I am stunned.  What question? Apparently this is a thing in Louisiana. “Counsel’s strategic choices should not be impeded by a rigid blanket rule demanding the defendant’s consent,” Louisiana’s lawyers  wrote in a brief urging the court to pass on the case. Since 2000, the Louisiana Supreme Court has allowed defense lawyers to concede their clients’ guilt in four other capital cases over the clients’ express objections.

Good grief. Continue reading

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That Settles It, If It Wasn’t Obvious Already: Lisa Bloom Is An Unethical Hack (But I Could Be Wrong…)

Now, don’t sue me, Lisa! Remember what it says in the “About” section (above), this is all just my opinion. When I say you are a stunningly unethical lawyer, that’s just my analysis; it’s true I know something about legal ethics, teaching and consulting on it full time, but I can’t assert my opinion as fact. I can’t read your mind or slog through your soul. I don’t know what a bar disciplinary committee would decide, though I know this is a famously gray area in legal ethics, so unethical conduct is unlikely to be punished.  And when I say you’re a hack, remember that “hack” isn’t a description subject to objective proof, any more than, say, “asshole.” Perhaps your definition of “hack’ is different from mine. In fact, I’m sure it is.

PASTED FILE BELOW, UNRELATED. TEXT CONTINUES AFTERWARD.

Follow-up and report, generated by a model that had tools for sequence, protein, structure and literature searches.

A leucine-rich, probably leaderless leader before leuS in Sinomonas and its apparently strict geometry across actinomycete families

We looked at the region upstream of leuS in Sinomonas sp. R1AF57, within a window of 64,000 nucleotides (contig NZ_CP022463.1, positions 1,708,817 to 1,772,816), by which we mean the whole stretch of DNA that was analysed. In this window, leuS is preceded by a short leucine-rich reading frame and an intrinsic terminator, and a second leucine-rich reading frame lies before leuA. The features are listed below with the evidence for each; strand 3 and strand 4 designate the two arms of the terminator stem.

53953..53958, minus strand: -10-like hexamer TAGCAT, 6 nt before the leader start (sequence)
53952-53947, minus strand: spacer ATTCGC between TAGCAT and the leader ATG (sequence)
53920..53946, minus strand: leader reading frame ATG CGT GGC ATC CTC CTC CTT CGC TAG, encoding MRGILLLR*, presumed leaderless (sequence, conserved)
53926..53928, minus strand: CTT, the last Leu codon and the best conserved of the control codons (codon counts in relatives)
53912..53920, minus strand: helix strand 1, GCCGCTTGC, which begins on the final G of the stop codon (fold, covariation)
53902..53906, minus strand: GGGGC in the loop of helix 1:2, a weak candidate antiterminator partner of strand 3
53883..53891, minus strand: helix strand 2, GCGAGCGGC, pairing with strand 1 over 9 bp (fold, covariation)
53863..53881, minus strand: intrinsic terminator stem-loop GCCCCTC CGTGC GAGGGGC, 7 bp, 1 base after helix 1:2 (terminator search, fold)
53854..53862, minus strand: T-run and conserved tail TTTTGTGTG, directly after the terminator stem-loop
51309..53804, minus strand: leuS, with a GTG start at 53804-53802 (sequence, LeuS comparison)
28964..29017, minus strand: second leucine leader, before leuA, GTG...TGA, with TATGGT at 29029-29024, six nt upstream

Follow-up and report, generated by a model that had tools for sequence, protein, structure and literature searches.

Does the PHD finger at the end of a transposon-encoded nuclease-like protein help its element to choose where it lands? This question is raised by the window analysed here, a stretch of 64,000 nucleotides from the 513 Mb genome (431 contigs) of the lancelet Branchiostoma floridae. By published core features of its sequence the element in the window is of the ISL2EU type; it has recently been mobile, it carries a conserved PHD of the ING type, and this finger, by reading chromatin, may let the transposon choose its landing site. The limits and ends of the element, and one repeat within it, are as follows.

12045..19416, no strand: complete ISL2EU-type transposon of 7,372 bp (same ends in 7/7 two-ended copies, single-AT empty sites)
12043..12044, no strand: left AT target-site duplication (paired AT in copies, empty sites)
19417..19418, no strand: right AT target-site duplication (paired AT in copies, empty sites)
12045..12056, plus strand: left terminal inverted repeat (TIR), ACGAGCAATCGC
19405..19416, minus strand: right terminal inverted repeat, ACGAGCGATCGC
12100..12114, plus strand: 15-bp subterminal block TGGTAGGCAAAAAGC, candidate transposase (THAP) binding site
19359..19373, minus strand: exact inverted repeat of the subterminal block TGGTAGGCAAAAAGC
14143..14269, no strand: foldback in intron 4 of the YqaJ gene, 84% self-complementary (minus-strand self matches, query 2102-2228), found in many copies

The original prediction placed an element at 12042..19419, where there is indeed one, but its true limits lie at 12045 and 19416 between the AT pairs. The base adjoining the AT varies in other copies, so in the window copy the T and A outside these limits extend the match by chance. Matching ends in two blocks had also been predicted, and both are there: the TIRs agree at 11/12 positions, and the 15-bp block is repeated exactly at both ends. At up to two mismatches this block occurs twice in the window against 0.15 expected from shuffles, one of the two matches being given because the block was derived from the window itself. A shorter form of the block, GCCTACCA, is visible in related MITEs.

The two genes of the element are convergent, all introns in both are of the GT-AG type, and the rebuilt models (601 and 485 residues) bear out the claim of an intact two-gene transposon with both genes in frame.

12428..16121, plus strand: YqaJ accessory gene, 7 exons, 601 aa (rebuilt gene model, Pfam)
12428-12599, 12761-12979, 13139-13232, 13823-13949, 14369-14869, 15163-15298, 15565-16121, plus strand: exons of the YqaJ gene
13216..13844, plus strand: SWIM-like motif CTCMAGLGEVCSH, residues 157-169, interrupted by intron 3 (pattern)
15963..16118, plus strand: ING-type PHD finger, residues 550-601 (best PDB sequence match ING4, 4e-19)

That said, your conduct is a professional disgrace. I think. Who knows? I may be wrong.

In an interview with BuzzFeed News published this weekend, Bloom, speaking of her recently terminated representation of Harvey Weinstein, said

“I can see that my just being associated with this was a mistake. All I can say is, from my perspective, I thought, ‘Here is my chance to get to the root of the problem from the inside. I am usually on the outside throwing stones. Here is my chance to be in the inside and to get a guy to handle this thing in a different way.’ I thought that would be a positive thing, but clearly it did not go over at all.”

Bloom added that she will no longer represent men accused of sexual misconduct, “even those who convincingly tell me they are innocent….I will just make the best choices I can out of every situation. I have clearly not been successful. I think anybody who does big bold things fails. And I definitely failed on this one.”

What Bloom has failed at is called “being a trustworthy and competent lawyer.”

The next day, during an appearance on Good Morning America, Bloom even more explicitly threw her former client under the metaphorical bus:

“It’s gross, yeah,” Bloom told GMA. “I’m working with a guy who has behaved badly over the years, who is genuinely remorseful, who says, you know, ‘I have caused a lot of pain.’”